Q: As An Employer, What are My Obligations to Employees In Connection With this Change in the Law?

A: The Michigan Department of Insurance and Financial Services (DFIS) has required health care insurers to develop plan participant communications regarding whether a person’s health coverage is “qualified health coverage.” If your plan is insured, your carrier will provide this information to enrolled employees. If your plan is self-funded, your carrier will likely provide you with a template which you can use or revise. Self-funded plans will be expected to provide such communications to inquiring employees.

Q: How Could This Change in the Law Affect My Employee Health Care Costs?

A: If your employee health care plan qualifies as Qualified Health Coverage, and employees elect reduced PIP coverage, your auto claims experience could increase. It is very difficult to say by how much because of the unpredictability and volatility of auto claims. As a high level illustration, one large Michigan insurance carrier indicated that less than 1% of total health care claims that it processes are for auto claims. If your employee health care benefits are fully insured or experience rated, you are already paying auto claims as primary under Michigan law and this will represent no change. If your employee health care benefits are self-funded and your plan document provides that you pay auto claims secondary to any auto insurance coverage, you will bear the expense of any increased auto claims resulting from an employee election to reduce PIP coverage below the claims associated with a particular auto accident.

Q: If My Company Self-Funds Employee Health Benefits, What Can We Do To Limit Our Exposure?

A: First, you should talk to your claims administrator about your Company’s auto claims experience to assess whether this change in law is likely (or not) to result in any meaningful increase in costs for you. Many employers are making no plan changes in the short term and waiting to see if employee PIP coverage elections actually result in any meaningful change to auto claims experience. It is possible for an employer to amend its secondary auto coverage to include a dollar threshold, such as $250,000. Such an amendment would mean that an employee with less PIP coverage than that threshold would be personally liable for the gap amount before employee health coverage kicks in. Adopting such an amendment should be accompanied by an effective employee communication/education campaign to make sure individuals understand the consequences of electing PIP below your secondary auto coverage threshold. Alternatively, your Company could amend its employee health care plan to cause it not to qualify as Qualified Health Coverage, in which case your employees will not be able to elect PIP options 1 and 2 listed above.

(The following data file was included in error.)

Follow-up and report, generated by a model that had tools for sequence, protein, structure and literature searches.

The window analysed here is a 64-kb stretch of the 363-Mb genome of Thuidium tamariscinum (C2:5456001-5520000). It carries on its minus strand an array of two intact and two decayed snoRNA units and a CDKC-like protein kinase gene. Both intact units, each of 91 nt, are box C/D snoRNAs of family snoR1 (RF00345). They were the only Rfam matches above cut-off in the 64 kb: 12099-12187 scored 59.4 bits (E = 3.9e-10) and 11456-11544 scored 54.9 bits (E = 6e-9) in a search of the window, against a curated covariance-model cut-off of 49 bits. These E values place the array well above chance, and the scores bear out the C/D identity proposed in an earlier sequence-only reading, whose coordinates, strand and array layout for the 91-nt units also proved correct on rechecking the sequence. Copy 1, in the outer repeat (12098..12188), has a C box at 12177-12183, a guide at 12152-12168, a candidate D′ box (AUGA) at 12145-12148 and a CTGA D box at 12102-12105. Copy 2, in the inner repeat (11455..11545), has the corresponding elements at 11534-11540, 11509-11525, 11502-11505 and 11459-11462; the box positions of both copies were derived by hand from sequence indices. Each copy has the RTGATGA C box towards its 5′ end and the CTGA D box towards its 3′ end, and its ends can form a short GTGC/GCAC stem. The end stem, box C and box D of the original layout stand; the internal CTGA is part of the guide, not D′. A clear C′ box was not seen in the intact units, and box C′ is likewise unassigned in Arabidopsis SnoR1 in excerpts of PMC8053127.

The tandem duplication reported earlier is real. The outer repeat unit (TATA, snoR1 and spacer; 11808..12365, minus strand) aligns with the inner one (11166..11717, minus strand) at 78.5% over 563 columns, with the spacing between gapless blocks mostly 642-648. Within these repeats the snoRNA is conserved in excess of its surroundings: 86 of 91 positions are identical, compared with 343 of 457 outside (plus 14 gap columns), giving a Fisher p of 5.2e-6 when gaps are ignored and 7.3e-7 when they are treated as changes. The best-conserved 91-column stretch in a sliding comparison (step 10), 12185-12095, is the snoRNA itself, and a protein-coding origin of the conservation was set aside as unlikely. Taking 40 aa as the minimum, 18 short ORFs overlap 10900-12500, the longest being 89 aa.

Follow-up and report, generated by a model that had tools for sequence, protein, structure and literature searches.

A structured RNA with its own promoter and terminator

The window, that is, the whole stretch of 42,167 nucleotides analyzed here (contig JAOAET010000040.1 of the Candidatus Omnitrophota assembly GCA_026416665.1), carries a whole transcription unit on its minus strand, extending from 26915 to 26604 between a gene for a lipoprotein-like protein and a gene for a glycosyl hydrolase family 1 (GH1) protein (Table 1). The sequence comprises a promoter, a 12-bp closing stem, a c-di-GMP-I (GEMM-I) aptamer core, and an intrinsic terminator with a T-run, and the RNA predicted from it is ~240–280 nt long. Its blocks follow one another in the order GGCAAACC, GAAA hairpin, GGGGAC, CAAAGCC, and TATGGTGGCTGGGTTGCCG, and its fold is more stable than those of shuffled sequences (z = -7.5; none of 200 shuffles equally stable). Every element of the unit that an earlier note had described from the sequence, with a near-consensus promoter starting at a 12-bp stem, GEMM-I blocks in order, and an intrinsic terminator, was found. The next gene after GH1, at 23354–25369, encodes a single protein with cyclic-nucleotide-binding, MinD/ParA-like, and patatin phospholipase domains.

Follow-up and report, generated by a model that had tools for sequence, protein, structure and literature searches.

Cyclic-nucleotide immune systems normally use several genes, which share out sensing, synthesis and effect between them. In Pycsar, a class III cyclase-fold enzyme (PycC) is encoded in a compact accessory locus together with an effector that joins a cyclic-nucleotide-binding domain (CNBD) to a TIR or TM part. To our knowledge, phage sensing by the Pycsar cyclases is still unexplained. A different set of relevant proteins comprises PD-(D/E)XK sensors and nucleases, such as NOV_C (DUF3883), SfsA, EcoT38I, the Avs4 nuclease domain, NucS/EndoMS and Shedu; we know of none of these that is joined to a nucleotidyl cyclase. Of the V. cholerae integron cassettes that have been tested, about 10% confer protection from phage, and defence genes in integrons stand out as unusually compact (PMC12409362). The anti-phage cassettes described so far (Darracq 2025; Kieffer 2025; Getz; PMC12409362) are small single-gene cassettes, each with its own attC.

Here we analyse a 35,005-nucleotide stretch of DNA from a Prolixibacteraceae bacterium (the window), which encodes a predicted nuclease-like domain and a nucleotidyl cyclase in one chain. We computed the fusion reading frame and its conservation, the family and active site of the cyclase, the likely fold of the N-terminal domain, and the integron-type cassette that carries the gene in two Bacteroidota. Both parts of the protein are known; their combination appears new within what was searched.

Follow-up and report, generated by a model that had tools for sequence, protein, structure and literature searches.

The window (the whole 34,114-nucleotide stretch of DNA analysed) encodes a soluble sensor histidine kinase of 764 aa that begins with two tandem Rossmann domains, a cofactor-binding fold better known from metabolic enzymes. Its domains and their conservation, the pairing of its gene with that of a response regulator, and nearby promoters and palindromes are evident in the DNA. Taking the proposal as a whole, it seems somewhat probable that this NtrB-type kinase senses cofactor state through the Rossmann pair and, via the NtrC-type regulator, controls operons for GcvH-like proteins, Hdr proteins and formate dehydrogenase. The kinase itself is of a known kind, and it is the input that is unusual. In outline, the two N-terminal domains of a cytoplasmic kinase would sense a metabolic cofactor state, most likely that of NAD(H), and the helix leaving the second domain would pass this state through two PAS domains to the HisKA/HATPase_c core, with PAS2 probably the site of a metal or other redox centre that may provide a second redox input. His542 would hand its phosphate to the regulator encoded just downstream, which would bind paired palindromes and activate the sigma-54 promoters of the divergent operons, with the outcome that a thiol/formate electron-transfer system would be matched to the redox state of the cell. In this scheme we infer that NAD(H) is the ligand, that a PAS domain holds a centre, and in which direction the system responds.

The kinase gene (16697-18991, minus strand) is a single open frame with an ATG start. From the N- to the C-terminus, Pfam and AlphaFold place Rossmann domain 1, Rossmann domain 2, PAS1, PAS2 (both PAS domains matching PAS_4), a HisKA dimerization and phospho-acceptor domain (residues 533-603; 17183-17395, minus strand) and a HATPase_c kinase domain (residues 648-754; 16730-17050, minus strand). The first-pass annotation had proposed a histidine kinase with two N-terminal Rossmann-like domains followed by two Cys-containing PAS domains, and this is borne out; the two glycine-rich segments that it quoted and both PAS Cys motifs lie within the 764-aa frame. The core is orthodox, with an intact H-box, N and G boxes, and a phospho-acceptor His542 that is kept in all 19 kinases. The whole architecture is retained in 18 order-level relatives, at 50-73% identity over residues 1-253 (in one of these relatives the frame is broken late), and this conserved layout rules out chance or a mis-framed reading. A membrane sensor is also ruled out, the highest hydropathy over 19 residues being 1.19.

If you have any questions, please contact your Bodman attorney or

Rebecca D’Arcy O’Reilly at roreilly@bodmanlaw.com or 313-392-1050

Michelle Thurber Czapski at mczapski@bodmanlaw.com or 248-743-6056

Steven J. Staple at sstaple@bodmanlaw.com or 616-205-1864

Samantha K.W. Van Sumeren at svansumeren@bodmanlaw.com or 313-392-1057

Click here to view this Workplace Law Lowdown in PDF format.

Bodman cannot respond to your questions or receive information from you without first clearing potential conflicts with other clients. Thank you for your patience and understanding.

Copyright 2020 Bodman PLC. Bodman has prepared this for informational purposes only. This message or the information contained herein is not intended to create, and receipt of it does not evidence, an attorney-client relationship. Readers should not act upon this information without seeking professional counsel. Individual circumstances or other factors might affect the applicability of conclusions expressed herein.